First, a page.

By paying Mr Rossato a wage inclusive of a loading, WorkPac was simply abiding by its obligations to pay Mr Rossato in accordance with the employment contracts, which stipulated that Mr Rossato was entitled to the loading. The Court held that such a mistake could not be remedied by restitution.
The government has flagged potential legislative intervention to prevent “double-dipping” by employees previously classified as casuals so that they do not receive both a casual loading and leave entitlements for the same period.
Implications for employers
Unless the government intervenes and pending any appeal to the High Court, it is expected the case will result in class actions and individual claims. Importantly, an employee will still need to successfully argue that they are not a casual employee in order to access entitlements to paid annual and personal leave. The problem is that while there is a well-established concept of a “regular” and “systematic” casual employee, the boundaries between what is truly “casual” and what is “permanent” employment continue to be confusing for employers and employees.
If you have long-term casuals who work the same shifts or roster week to week and have a soundly-based expectation of ongoing employment, there is a real risk that they could be held to be permanent employees and entitled to accrue the entitlements of permanent employees, including to be paid for accrued annual leave on the termination of their employment.
Of course, the easy answer when engaging workers on a regular and systematic basis with an expectation of future and indefinite work is to classify them as permanent part-time employees, not casuals. The employee will then not receive a casual loading but they will be entitled to leave and other benefits. But this is a line readily drawn in theory, less so in practice.
Since October 2018, casual conversion clauses have been inserted in many modern awards, which provide that eligible casuals may request permanent part-time or fulltime employment. Employers must provide all casual employees covered by awards that contain casual conversion provisions information about the right to request conversion within the first 12 months of an employee’s engagement as a casual.
What should employers do?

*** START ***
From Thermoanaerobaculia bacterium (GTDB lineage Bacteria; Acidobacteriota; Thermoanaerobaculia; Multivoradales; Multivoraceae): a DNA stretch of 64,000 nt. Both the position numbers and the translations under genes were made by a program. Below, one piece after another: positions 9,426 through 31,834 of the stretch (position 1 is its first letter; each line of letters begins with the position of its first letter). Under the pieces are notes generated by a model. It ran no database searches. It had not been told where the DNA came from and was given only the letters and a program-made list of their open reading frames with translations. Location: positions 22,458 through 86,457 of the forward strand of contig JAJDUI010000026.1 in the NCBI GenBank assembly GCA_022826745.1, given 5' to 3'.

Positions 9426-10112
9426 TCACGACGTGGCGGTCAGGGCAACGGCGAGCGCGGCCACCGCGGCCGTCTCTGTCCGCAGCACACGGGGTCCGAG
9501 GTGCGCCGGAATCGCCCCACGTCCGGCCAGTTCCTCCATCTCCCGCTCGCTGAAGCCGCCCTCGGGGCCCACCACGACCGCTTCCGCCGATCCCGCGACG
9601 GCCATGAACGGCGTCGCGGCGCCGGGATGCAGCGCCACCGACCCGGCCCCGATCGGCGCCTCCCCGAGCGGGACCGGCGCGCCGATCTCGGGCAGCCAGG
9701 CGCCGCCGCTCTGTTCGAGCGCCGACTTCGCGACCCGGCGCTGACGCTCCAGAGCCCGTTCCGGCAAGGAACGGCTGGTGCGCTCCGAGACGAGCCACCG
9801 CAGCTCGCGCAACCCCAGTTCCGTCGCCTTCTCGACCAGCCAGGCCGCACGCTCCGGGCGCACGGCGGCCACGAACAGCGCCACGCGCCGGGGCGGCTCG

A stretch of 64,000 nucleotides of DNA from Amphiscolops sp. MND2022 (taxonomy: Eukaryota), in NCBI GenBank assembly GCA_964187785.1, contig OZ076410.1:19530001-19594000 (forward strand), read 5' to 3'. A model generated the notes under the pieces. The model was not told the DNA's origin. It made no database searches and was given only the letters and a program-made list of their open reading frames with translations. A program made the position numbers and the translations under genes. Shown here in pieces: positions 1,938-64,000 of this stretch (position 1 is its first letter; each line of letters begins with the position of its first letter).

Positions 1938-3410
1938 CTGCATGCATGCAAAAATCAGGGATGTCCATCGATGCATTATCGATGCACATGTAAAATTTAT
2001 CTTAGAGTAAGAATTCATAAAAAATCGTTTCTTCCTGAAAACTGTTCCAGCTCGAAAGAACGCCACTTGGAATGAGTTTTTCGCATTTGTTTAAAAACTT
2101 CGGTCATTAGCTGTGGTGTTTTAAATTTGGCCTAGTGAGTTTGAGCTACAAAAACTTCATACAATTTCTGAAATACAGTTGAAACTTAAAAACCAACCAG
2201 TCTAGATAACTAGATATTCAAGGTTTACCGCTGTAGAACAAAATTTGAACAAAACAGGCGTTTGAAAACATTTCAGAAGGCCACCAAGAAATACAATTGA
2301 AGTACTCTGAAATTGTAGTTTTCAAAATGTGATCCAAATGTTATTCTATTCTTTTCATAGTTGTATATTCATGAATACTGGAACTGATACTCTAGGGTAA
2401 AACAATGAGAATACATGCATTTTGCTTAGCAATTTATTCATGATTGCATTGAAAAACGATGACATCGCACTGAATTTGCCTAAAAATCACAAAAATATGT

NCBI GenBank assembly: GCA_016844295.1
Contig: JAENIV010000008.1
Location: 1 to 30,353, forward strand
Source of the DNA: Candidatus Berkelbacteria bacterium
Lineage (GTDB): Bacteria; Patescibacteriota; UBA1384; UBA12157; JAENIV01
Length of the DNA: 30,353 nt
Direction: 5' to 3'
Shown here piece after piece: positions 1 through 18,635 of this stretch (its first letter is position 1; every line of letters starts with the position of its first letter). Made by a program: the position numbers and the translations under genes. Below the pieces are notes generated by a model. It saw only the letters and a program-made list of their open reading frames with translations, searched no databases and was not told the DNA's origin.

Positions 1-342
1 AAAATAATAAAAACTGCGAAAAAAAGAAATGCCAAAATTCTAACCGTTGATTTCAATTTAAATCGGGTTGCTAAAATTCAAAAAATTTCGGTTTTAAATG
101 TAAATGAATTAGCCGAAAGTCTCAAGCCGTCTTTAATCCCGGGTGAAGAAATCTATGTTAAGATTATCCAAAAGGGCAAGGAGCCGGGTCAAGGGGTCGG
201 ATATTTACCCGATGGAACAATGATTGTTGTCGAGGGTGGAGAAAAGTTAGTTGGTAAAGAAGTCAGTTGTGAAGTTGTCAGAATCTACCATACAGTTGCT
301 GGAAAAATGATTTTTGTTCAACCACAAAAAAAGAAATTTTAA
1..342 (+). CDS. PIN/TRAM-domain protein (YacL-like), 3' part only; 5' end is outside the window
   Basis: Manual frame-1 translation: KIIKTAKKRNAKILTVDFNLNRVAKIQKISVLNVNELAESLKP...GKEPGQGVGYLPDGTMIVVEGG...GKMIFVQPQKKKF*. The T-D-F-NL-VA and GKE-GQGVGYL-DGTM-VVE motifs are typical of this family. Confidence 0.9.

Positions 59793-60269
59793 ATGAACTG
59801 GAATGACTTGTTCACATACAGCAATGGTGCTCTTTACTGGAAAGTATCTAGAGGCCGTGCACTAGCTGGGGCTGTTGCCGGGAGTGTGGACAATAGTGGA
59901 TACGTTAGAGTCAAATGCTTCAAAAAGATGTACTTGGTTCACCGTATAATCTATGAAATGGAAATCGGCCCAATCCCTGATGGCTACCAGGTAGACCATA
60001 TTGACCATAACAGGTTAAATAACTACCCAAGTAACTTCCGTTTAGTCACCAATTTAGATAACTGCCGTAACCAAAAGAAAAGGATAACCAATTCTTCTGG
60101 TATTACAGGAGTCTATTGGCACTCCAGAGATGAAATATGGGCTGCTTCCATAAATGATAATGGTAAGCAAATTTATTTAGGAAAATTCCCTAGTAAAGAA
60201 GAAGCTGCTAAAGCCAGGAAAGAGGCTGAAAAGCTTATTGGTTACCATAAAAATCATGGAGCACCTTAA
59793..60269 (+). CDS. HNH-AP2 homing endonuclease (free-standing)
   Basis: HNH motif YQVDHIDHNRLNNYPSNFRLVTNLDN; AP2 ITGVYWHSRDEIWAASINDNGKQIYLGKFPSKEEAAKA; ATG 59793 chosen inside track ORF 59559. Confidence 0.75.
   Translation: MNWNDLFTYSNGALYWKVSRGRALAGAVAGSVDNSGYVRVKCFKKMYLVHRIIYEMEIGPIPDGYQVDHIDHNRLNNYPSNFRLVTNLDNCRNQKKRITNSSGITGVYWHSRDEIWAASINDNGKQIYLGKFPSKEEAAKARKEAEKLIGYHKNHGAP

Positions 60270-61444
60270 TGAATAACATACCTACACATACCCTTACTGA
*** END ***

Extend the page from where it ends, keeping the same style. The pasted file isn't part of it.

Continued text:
The approach taken by the Court in this case to avoid the application of the antidouble dipping regulations already in place is interesting, to say the least - drawing a distinction between a claim for a benefit (which is now convertible to cash) and a claim for a payment in lieu of that benefit is not readily discernible.
It is also possible that WorkPac will appeal the decision to the High Court. In the meantime, as employers, you should consider conducting a review of casual employment arrangements and your business needs and practices to ascertain both your potential liability for past arrangements, and what forms of engagement mitigate that risk in future whilst still meeting your business needs:
- If your business relies on the flexibility of a casual workforce, are you creating unnecessarily regular patterns of work for casual employees which erode your ability to assert that those employees are truly casual? Can you make clear that every engagement is to be considered separate and distinct, and that no engagement is to be taken as a representation that another will be offered?
- Are some of your casual employees actually permanent part-time employees, or have become so, as a result of regular, constant and predictable patterns of work?
- Are your casual employees covered by a modern award that contains a casual conversion clause?
- Consider reviewing your written arrangements with casual employees. Express any casual loading as a separate and identifiable amount in letters of appointment or contracts and that it is paid instead of entitlements provided to permanent employees. This quantification may assist if the government intervenes to allow an employer to set-off those amounts in the event that the casual employee is later found to have been misclassified.
Vanessa Andersen partner, Maddocks
Ross Jackson partner, Maddocks
Brigid Clark senior associate, Maddocks